About 1 in 9 Americans age 65 and older have Alzheimer’s disease, according to the Alzheimer’s Association. It is a progressive, deadly brain disorder that is not a normal part of healthy aging — and there is currently no cure for it.
“At this time, all we can do is manage it,” said Faith D. Atai, MD, geriatric specialist with UT Physicians. “The good news is that those who have strong family support and managed medical care are living better and longer than before.”
For Alzheimer’s Disease Awareness Month, the physician teaches people the signs to notice, the screenings to perform, and the steps to take.
Signs and symptoms
“There are too many examples to give, but, generally, it’s a noticeable change in the person,” Atai said. “It can be a change in their memory, routine, or behavior. If something seems odd, it can be an indicator.”
Atai gave some of the most common examples of people with Alzheimer’s:
● They tell a story multiple times to the same person in the same day.
● They can no longer pay their bills or do other cognitive tasks.
● They accuse someone they trust of stealing a personal belonging.
● They are involved in frequent car accidents that are never their fault.
● They no longer practice daily hygiene or personal care.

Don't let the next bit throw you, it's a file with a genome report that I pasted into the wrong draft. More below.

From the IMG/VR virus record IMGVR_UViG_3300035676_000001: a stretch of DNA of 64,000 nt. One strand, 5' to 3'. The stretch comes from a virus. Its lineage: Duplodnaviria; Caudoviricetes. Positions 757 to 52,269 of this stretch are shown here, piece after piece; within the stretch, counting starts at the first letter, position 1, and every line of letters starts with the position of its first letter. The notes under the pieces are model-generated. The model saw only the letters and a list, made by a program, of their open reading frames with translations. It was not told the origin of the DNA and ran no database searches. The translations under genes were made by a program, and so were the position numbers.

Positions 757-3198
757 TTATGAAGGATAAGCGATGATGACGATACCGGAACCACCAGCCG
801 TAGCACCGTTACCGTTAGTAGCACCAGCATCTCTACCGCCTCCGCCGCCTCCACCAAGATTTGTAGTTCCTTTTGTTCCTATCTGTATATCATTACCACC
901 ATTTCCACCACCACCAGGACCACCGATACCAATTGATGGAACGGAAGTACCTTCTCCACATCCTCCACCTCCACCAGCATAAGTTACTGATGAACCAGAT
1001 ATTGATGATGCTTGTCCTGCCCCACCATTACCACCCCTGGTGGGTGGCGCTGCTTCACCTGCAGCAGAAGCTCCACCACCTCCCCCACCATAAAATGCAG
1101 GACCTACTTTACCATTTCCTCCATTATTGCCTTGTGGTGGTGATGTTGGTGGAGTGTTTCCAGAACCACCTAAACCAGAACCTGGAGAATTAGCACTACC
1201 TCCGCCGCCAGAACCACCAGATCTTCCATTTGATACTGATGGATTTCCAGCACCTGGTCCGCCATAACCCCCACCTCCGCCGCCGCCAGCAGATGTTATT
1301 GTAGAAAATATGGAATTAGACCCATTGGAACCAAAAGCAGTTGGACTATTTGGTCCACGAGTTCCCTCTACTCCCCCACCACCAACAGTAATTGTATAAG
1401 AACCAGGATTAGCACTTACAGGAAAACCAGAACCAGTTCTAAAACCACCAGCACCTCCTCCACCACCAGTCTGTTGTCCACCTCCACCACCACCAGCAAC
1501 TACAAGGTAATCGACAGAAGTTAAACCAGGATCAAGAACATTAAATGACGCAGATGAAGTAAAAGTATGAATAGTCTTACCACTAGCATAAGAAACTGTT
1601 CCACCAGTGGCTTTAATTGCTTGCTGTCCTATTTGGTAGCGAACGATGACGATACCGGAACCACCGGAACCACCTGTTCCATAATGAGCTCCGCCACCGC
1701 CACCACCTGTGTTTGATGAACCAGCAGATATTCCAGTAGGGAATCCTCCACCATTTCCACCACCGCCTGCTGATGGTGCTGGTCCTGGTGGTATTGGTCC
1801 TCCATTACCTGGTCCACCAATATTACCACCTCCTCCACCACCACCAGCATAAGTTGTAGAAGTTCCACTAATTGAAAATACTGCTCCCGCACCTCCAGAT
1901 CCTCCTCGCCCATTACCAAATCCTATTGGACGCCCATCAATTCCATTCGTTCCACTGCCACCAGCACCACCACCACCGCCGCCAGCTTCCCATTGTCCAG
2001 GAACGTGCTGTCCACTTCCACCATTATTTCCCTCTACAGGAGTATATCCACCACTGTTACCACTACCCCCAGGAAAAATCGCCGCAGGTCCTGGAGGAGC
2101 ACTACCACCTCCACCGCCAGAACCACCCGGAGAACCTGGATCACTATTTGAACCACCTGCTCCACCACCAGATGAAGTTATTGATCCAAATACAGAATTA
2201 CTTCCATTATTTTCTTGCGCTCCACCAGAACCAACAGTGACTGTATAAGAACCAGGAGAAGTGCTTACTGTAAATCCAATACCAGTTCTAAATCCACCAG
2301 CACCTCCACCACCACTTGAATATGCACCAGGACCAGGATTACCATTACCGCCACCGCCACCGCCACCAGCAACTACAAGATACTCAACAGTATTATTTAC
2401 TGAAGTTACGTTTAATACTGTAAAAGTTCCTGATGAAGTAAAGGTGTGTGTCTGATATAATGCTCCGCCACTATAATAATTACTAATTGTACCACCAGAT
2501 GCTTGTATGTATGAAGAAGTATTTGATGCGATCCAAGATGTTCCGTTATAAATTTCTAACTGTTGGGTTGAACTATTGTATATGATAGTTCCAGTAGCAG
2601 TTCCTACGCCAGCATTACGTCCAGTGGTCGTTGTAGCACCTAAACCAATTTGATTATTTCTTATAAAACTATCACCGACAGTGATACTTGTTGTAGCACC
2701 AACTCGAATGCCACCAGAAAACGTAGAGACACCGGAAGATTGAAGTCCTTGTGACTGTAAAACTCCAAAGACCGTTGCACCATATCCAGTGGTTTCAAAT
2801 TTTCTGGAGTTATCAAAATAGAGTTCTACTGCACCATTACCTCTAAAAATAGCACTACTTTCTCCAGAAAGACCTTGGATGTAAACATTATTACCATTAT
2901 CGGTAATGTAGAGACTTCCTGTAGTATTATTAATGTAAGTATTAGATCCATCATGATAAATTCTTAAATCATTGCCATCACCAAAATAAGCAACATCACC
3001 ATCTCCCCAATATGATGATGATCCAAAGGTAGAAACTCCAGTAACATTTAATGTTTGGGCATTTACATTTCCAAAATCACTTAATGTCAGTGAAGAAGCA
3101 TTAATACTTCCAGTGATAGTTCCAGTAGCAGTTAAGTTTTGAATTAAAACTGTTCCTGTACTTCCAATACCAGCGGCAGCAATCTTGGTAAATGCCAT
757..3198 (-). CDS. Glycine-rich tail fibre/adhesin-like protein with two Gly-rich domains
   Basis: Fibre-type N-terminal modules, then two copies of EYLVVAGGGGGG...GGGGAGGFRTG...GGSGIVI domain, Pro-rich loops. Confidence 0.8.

● They feel uncomfortable or act awkwardly in social situations.
● They say or do things that are uncharacteristic of their personality.
● They begin to withdraw and limit their communication or social activities.
“In addition to the signs, you can also try some simple screening techniques,” said Atai, associate professor of geriatric and palliative medicine with McGovern Medical School at UTHealth Houston. “Converse with them. Ask them questions to see how much they can recall.”
Atai offered a few suggestions:
● Watch a TV program with them. Afterwards, strike up a conversation and ask them questions about things that happened or were said in the show.
● Eat a meal with them. Then ask them what they enjoyed the most and what they ate earlier that day.
● Ask them questions you already know the answers to. During a call or visit, pretend to forget something and ask them the day of the week, their favorite TV show, or their child’s birthday.
Steps and support
“If you are concerned someone you know may have Alzheimer’s, take them to see their primary care physician. The physician will decide which tests to give,” Atai said.
Be sure to provide the doctor with examples of the person’s behavior.
“You can’t just say, ‘They have a bad memory.’ That’s not enough,” Atai said. “Be sure to provide concrete examples. For instance, ‘She goes to the corner store every day to buy Twinkies, but she doesn’t eat them and her cabinet is completely full of them.’ It helps to be very specific.”
Once a patient is diagnosed with the condition, the physician can begin a treatment plan. However, support and contact are just as important to the patient’s care.
“It’s important to stay in regular touch with your aging friends and relatives. Isolation and loneliness raises their risk of Alzheimer’s,” Atai said. “Visiting them and calling them regularly actually helps their overall health, and it helps you notice any changes.”